Attending my first haj

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A Muslim pilgrim prays as she gathers with others on Mount Mercy on the plains of Arafat during the annual haj pilgrimage, outside the holy city of Mecca, Saudi Arabia, August 20, 2018. REUTERS/Zohra Bensemra/File photo 
Naceera, 37, a Muslim pilgrim from India, walks during the annual haj pilgrimage at the Grand Mosque in the holy city of Mecca, Saudi Arabia, August 21, 2018. "I feel privileged that God chose me this year to be among those who had to fulfil the fifth pillar of Islam. I dreamed for five years to come and perform the haj. I am so thankful," Naceera said. REUTERS/Zohra Bensemra 
Muslim pilgrims gather on Mount Mercy on the plains of Arafat during the annual haj pilgrimage, outside the holy city of Mecca, Saudi Arabia, August 20, 2018. REUTERS/Zohra Bensemra/File photo 
Haleema, 27, a Muslim pilgrim from Ghana, eats an ice cream on Mount Mercy on the plains of Arafat during the annual haj pilgrimage, outside the holy city of Mecca, Saudi Arabia, August 20, 2018. Haleema is on her fist haj. "I'm happy that I'm here, I pray for God's forgiveness. Sitting in Arafat makes me feel like I am cleaned from all my dirty sins I may have committed in the past. Haj was my lifetime dream," she said. REUTERS/Zohra Bensemra
Aisha (C), 30, a Muslim pilgrim from Nigeria, poses for a photograph at the Mount Mercy on the plains of Arafat during the annual haj pilgrimage, outside the holy city of Mecca, Saudi Arabia, August 20, 2018. "It's my first haj. I feel fresh. For me haj means worship," Aisha said. REUTERS/Zohra Bensemra 
Samah (C), 27, a Muslim pilgrim from Syria, walks on Mount Mercy on the plains of Arafat during the annual haj pilgrimage, outside the holy city of Mecca, Saudi Arabia, August 20, 2018. "It's my first haj. I am fulfilling the last pillar of Islam, I am honoured by God to be here," Samah said. REUTERS/Zohra Bensemra 
Muslim pilgrims touch the wall of the Kaaba during Tawaf al-Ifada after Arafat day during the annual haj pilgrimage at the Grand Mosque in the holy city of Mecca, Saudi Arabia, August 21, 2018. REUTERS/Zohra Bensemra/File photo 
Ibtissam Al Assiri (R), 39, a Muslim pilgrim from Yemen, collects stones in Muzdalifa to cast a pillar that symbolises Satan during the annual haj pilgrimage in Mena, Saudi Arabia, August 20, 2018. �When the war began in Yemen I never would have imagined that I would one day have the capability to come to haj," said Al Assiri. "God bestowed this place upon Muslims to unite us." REUTERS/Zohra Bensemra/File photo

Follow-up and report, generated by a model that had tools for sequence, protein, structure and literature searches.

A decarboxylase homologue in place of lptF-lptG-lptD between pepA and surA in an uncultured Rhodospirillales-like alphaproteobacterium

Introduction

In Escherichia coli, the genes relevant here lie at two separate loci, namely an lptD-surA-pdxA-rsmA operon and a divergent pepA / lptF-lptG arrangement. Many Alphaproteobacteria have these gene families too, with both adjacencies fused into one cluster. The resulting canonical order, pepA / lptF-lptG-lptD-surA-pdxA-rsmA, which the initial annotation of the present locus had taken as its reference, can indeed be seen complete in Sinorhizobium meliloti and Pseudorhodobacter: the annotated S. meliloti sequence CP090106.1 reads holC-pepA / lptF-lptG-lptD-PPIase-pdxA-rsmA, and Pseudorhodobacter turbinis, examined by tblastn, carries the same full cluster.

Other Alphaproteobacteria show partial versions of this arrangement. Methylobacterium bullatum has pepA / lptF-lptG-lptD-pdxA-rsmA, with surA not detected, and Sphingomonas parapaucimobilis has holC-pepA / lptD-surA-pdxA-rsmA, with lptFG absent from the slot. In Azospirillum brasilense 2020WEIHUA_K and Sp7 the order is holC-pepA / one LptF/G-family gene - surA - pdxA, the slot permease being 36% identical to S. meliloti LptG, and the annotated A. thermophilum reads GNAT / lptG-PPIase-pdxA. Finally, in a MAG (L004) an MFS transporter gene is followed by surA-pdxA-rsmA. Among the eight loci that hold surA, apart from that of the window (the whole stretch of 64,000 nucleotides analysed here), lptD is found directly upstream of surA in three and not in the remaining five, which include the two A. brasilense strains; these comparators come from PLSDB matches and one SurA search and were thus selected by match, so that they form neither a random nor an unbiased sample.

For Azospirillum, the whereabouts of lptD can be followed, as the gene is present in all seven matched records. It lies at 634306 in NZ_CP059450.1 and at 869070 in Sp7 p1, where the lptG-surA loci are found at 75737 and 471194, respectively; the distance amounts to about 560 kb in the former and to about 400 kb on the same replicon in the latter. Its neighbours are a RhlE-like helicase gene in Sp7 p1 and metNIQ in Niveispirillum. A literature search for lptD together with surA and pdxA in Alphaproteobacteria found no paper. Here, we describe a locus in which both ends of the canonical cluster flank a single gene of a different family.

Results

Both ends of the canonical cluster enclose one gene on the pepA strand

A Muslim pilgrim takes a selfie at the Mount Al-Noor, where Muslims believe Prophet Mohammad received the first words of the Koran through Gabriel in the Hera cave, ahead of annual haj pilgrimage in the holy city of Mecca, Saudi Arabia, August 18, 2018. REUTERS/Zohra Bensemra/File photo 
Muslim pilgrims perform Tawaf al-Ifada during the annual haj pilgrimage at the Grand Mosque in the holy city of Mecca, Saudi Arabia, August 23, 2018. REUTERS/Zohra Bensemra/File photo 
A Muslim pilgrim prays as she gather with others on Mount Mercy on the plains of Arafat during the annual haj pilgrimage, outside the holy city of Mecca, Saudi Arabia August 20, 2018. REUTERS/Zohra Bensemra/File photo 
Sanjeeda Bagam, 60, a Muslim pilgrim from Pakistan, is wheeled by her son after they cast their stones at a pillar that symbolises Satan during the annual haj pilgrimage in Mena, Saudi Arabia, August 21, 2018. Sanjeeda is on her first haj. "When I arrived in Mecca and saw the Kaaba, I had a feeling like never before: joy erased my entire past, as if I only know the present right here," she said. "I immediately took a taste, and now I wish I could come again." REUTERS/Zohra Bensemra 
Djumhuriya (C), 60, a Muslim pilgrim from Iraq, sits in a wheelchair after casting her stones at a pillar that symbolises Satan during the annual haj pilgrimage in Mena, Saudi Arabia, August 21, 2018. Djumhuriya drove for three days to reach Mecca and perform her first haj. "I have dreamed of performing haj for a long time. The road from Basra was long, but I was so excited to see the Kaaba, 'the house of God.' Today, I feel like I am born anew," she said. REUTERS/Zohra Bensemra